Early this year, researchers urged conservationists and palm oil companies tackling deforestation and forest fires to rely less on satellite imagery and to start “listening” to the sounds of the forest instead. In a report published by the journal Science on 4 January, researchers said the use of “bioacoustics” to record, monitor and log background sounds – like animals, insects and human activity – provides crucial data needed for more effective conservation.
"You can look at a primary forest, map the soundscapes to see what is normal and then do the same at a logging concession, plantation or hunting area. With a camera trap, you're at risk of a hunter or poacher coming in and destroying it. But audio equipment you can mount up to 30 metres up a tree and nobody will see them," said co-author Rhett Butler.
At the moment, most conservation efforts and studies rely on sample data from an area or satellite imagery that only shows forest cover, does not pick up selective logging, and may have problems with cloud cover, Butler added.
He pointed out that relatively cheap audio equipment can be used to record and monitor subtle changes to wildlife or send alerts when gunshots, vehicles or chainsaw sounds are logged.
The sounds of human voices or fire in a forested area could also alert and pinpoint an at-risk area to help Indonesia tackle its annual forest fires, Butler said.
The paper also recommended the creation of a global organisation to host an acoustic platform that produces on-the-fly analysis from the data collected using bioacoustics. Not only could the data be used for academic research, but it could monitor conservation policies and strategies employed by companies around the world, the authors added.
What satellite imagery says
In October last year, a joint study carried out by the University of Maryland (UM), Google, the United States Geological Survey (USGS) and the National Aeronautics and Space Administration (NASA) under the Global Forest Watch (GFW) had found that more than 227,000 square kilometres of forest cover had been lost between 2001 and 2016. While deforestation and degradation of forested land are major issues for the region, the condition in one country in particular, Indonesia, is alarming.
The forest cover lost in the region was largely driven by demand for natural resources and land clearing for producing food and other commodities. In Indonesia, specifically, the main driver for deforestation is the practice of slash-and-burn to establish palm oil plantations. The practice is a major contributor to the transboundary haze issue that is impacting millions of people in the region, mostly in Indonesia, Malaysia and Singapore. This is further enabled by poor enforcement and weak governance.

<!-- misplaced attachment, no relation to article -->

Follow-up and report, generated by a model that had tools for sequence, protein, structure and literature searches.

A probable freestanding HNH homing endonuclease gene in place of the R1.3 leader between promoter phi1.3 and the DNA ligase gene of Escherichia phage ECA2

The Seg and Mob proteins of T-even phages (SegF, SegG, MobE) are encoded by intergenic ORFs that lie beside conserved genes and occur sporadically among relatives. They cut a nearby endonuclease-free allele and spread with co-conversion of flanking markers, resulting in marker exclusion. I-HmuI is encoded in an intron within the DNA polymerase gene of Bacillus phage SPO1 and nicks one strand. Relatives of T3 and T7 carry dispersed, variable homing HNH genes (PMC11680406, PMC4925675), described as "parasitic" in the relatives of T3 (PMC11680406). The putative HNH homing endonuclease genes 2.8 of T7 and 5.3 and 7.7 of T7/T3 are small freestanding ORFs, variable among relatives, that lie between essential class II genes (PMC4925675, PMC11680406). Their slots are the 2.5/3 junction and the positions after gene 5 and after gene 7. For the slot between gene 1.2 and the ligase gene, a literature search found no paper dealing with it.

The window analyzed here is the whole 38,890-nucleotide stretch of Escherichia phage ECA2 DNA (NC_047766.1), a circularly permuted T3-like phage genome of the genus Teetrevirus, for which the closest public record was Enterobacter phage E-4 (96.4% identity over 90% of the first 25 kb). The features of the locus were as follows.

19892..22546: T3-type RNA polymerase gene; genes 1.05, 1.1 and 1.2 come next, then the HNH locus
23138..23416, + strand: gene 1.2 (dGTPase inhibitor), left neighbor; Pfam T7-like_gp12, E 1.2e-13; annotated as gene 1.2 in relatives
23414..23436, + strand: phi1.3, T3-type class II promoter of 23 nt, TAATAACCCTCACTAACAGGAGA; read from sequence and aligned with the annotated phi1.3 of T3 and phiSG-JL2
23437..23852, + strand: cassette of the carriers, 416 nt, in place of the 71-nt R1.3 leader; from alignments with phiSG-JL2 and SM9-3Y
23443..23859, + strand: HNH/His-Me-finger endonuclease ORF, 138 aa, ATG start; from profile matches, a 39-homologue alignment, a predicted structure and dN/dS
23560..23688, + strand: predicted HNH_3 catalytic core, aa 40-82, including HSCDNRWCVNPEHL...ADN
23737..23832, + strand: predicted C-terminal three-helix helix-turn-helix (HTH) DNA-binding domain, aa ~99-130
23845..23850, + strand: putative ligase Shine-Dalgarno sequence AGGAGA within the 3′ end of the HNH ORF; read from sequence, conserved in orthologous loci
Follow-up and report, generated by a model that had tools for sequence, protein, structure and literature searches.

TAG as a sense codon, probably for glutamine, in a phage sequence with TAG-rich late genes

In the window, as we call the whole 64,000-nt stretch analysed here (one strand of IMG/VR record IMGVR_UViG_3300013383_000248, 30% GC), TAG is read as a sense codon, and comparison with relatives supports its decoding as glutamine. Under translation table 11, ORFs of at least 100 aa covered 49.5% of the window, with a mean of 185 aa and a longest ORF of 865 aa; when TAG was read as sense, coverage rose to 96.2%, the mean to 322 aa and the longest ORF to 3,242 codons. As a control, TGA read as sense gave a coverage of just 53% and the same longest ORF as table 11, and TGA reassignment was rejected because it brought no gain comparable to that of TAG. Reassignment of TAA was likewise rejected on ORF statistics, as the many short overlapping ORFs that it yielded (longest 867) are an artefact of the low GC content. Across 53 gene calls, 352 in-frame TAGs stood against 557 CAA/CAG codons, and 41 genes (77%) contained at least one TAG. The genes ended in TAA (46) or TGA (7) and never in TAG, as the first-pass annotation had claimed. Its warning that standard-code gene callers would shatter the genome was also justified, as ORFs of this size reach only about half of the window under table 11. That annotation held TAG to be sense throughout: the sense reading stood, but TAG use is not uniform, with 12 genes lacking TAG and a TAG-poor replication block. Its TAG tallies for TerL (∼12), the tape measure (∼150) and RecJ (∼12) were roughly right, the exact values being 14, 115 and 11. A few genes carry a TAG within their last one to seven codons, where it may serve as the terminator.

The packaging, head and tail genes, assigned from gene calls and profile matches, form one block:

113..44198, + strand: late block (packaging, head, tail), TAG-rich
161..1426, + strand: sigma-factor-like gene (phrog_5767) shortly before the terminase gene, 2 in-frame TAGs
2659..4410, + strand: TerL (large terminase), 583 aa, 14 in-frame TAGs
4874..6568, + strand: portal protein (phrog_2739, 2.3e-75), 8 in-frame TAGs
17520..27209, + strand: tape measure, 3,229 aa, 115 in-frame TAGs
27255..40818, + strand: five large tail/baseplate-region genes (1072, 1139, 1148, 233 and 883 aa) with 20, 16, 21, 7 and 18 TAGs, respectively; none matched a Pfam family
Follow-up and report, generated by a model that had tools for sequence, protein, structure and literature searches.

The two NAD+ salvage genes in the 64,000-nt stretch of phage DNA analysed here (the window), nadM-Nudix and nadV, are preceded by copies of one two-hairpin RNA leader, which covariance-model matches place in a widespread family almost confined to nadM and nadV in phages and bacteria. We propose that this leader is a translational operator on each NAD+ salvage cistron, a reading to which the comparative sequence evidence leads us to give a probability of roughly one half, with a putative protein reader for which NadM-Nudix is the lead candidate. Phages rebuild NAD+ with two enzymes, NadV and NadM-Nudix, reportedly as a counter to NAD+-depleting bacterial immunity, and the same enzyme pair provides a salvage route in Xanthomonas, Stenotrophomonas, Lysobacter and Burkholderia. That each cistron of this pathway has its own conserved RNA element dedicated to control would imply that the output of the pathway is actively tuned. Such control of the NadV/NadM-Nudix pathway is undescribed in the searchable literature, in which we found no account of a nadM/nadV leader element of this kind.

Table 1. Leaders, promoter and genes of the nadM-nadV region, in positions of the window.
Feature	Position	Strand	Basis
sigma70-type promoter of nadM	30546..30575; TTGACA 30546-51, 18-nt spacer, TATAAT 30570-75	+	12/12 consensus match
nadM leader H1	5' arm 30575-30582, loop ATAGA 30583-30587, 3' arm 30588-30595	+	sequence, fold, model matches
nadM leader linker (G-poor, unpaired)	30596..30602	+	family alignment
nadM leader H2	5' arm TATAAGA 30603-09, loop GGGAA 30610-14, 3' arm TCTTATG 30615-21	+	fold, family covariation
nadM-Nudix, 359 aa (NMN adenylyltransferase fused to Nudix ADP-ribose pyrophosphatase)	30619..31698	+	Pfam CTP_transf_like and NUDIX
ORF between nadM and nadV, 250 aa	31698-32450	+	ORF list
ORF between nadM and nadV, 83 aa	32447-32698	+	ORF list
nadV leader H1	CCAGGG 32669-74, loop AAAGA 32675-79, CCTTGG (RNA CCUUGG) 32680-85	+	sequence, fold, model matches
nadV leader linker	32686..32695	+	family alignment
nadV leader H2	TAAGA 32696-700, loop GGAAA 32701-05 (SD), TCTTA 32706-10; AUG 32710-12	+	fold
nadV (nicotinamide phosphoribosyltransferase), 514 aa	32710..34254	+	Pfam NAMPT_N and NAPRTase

Real-time forest management and deforestation monitoring are generally challenged by inaccurate, incomplete and outdated information. When data is available, such as in the case of NASA satellite imagery, it is not at a resolution or consistency that is sufficient for enforcement. Hardware that is crucial to processing and viewing the data is also beyond the reach of developing nations, advocacy organisations and other groups that need it the most.
Through the collaboration of Google, UM, USGS and NASA, GFW has released a global forest map, the largest catalogue for earth observation data, updated at near-real time. Akin to the human genome project but based on the earth’s ecosystems, GFW’s map boasts fine enough resolution to detect even small-holder agricultural activities. It provides data and tools for monitoring forests for free to non-profit organisations, as well as forest management and law enforcement agencies in tropical countries.
Reducing forest fires
While the situation in Indonesia is far from pretty, the government there has not tried to brush the issue aside. In January 2018, it expressed confidence that it could halve the number of forest fires in the country by 2019 after unveiling an ambitious plan. This, it said, would be done through the repair of degraded peat forests.
Indonesia said it aims to tackle fires via two crucial steps. The first step includes ensuring that the 24,000 square kilometres that is slated to be restored by Indonesia’s peatland restoration agency will not be burned. The second step incorporates stepping up prevention efforts in 731 villages in Sumatra and Kalimantan which are the two parts most prone to fires.
The situation, however, does not seem to have improved. Merely a month after expressing its confidence in tackling the matter, Indonesia saw the return of its infamous annual forest fires producing toxic, choking smog in the form of haze.
If Indonesia is serious about tackling deforestation and reducing forest fires, then perhaps it should do as Butler suggests and start “listening” to the forest.